A McKinsey study found that companies with the most diverse boards generated 14% higher EBIT (earnings before interest and tax) margins on average than companies with the least diverse boards. Researchers examined 180 publicly traded companies in France, Germany, the United Kingdom and the United States from 2008 to 2010 for this study.
Per the study:
The findings were startlingly consistent: for companies ranking in the top quartile of executive-board diversity, ROEs [returns on equity] were 53 percent higher, on average, than they were for those in the bottom quartile. At the same time, EBIT margins at the most diverse companies were 14 percent higher, on average, than those of the least diverse companies (exhibit). The results were similar across all but one of the countries we studied; an exception was ROE performance in France; but even there, EBIT was 50 percent higher for diverse companies.
Once a company understands the value of diversity, leadership tends to make it a higher priority.
“At adidas, one of the companies that ranked in our top quartile in diversity and performance, senior leaders have designated diversity as a strategic goal and started building it into the guts of the organization,” the report stated. “To deepen the talent base, for instance, the company has set hard targets for increasing the number of women in management ranks.”
Adidas intentionally expanded their gender diversity in managerial roles during this time, because they came to appreciate the value of doing so. They supported the effort, according to this report, by adjusting and launching numerous policies. Child care assistance, flex- and part-time work opportunities and improved gender-balanced recruiting all helped to support the company’s goals to improve gender diversity at the managerial level. They also ensure diversity in their design centers in an effort to spur innovation.
5. Diverse groups make better decisions
A study from Tufts examined how juries respond when they are racially diverse compared with when they’re not. In their study of these mock juries, researchers found that racially diverse groups performed better by a host of measures.
“Such diverse juries deliberated longer, raised more facts about the case, and conducted broader and more wide-ranging deliberations,” said Samuel R. Sommers, Ph.D., assistant professor of psychology in the School of Arts and Sciences at Tufts University, in Science Daily. “They also made fewer factual errors in discussing evidence and when errors did occur, these errors were more likely to be corrected during the discussion.”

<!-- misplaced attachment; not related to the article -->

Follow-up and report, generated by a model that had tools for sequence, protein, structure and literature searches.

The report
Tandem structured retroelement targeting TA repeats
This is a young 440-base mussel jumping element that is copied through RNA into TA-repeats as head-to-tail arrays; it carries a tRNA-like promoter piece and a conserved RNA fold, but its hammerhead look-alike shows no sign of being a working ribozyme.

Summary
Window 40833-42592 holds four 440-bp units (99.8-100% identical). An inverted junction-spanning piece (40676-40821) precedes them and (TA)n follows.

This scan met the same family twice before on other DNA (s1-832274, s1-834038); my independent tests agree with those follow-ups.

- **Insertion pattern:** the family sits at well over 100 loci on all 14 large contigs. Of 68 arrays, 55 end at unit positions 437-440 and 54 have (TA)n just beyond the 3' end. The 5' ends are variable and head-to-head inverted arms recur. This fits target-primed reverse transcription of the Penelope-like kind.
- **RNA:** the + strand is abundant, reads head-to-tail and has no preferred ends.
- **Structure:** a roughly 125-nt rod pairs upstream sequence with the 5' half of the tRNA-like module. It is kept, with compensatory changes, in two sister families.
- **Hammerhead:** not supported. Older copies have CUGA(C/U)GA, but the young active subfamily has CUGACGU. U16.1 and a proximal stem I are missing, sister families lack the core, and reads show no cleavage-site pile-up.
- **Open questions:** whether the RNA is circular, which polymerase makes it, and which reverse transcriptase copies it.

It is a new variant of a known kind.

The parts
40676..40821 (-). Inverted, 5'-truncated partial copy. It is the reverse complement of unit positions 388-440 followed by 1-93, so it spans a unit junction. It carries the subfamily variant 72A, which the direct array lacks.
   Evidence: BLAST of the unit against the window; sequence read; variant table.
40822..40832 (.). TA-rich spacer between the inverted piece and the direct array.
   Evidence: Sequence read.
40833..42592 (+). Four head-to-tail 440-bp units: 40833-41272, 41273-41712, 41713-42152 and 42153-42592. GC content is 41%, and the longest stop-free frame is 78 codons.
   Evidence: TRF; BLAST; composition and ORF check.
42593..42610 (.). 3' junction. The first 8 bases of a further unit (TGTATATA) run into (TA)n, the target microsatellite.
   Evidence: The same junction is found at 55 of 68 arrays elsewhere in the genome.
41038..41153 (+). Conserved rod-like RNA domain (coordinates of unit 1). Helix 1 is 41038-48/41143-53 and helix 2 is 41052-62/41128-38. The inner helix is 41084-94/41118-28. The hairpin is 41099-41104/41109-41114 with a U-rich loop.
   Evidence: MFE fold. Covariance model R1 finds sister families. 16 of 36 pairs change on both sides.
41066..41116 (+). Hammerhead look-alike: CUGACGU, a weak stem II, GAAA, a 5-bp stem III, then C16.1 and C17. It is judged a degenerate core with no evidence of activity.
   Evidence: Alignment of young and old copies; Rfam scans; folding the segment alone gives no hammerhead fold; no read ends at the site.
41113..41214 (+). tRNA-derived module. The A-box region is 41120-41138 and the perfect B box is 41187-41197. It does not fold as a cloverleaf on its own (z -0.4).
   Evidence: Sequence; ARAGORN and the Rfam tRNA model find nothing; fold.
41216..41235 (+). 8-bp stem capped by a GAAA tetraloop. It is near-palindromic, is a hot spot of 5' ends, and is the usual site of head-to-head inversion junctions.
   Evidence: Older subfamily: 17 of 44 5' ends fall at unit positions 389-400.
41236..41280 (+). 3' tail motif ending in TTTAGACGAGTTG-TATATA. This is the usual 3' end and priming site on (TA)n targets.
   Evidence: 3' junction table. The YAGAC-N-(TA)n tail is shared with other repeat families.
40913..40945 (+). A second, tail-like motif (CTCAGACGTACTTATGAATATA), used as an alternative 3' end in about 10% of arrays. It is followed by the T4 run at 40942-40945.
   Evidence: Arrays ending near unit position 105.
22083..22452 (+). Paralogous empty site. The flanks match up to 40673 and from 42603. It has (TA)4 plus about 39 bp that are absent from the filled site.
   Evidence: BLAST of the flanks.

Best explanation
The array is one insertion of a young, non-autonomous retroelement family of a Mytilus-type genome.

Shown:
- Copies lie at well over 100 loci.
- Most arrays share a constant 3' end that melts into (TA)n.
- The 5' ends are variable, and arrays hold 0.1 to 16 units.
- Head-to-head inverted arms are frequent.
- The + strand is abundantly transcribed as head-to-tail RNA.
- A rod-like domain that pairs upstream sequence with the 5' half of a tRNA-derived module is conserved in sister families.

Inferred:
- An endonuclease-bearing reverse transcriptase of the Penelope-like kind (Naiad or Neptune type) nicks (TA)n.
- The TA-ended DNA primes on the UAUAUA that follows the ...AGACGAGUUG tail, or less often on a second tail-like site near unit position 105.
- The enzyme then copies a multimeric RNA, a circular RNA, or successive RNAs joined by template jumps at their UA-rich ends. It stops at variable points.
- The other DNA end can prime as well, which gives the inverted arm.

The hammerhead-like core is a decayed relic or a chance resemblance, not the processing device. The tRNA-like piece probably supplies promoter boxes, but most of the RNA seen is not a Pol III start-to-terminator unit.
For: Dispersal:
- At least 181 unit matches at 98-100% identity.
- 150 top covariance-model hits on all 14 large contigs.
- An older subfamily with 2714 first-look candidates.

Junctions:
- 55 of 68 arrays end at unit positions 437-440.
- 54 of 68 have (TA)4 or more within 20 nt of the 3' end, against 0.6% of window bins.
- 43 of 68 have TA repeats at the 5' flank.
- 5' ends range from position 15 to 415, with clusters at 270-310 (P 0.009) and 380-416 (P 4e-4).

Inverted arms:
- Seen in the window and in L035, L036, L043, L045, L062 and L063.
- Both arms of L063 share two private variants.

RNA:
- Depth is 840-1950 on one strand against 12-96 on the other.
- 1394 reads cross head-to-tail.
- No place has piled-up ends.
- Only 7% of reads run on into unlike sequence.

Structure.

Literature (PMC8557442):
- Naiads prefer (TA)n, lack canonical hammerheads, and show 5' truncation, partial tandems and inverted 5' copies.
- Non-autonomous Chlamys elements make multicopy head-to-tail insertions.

Diversity has a big impact on decision making in juries. The same rules would logically apply to businesses. Here, diverse teams can be expected to perform with greater accuracy and care. They’d anticipate more problems and find a broader and wider range of potential solutions to those challenges. Diverse groups uncover more angles and therefore, they generally make better decisions.
6. Diversity brings out the best in everyone
One particularly interesting aspect of the Tufts study was that it found that the differences were due, primarily, to changes in the behavior of white jurors on the mock juries.
“Whites on diverse juries cited more case facts, made fewer mistakes in recalling facts and evidence, and pointed out missing evidence more frequently than did those on all-white juries.” Sommers said. “They were more amenable to discussing racism when in diverse groups.”
The impact of diversity doesn’t stem solely from the impact made by individuals from historically underrepresented groups. It turns out that everyone performs better when teams are more diverse.
“Traditionally, most psychologists and legal scholars have assumed that the influences of racial diversity result from the contributions of minority group members, who in effect bear the burden of bringing new perspectives and experiences to the table,” Sommers explained. “This study offers the novel hypothesis that minority group members are also responsible for effects of diversity, and that performance advantages to jury diversity are not limited to white and black jurors bringing difference experiences to the jury room and sharing different perspectives.”
Diversity isn’t just valuable because of multiple, individual perspectives. Bringing diverse groups of people together helps them make better decisions.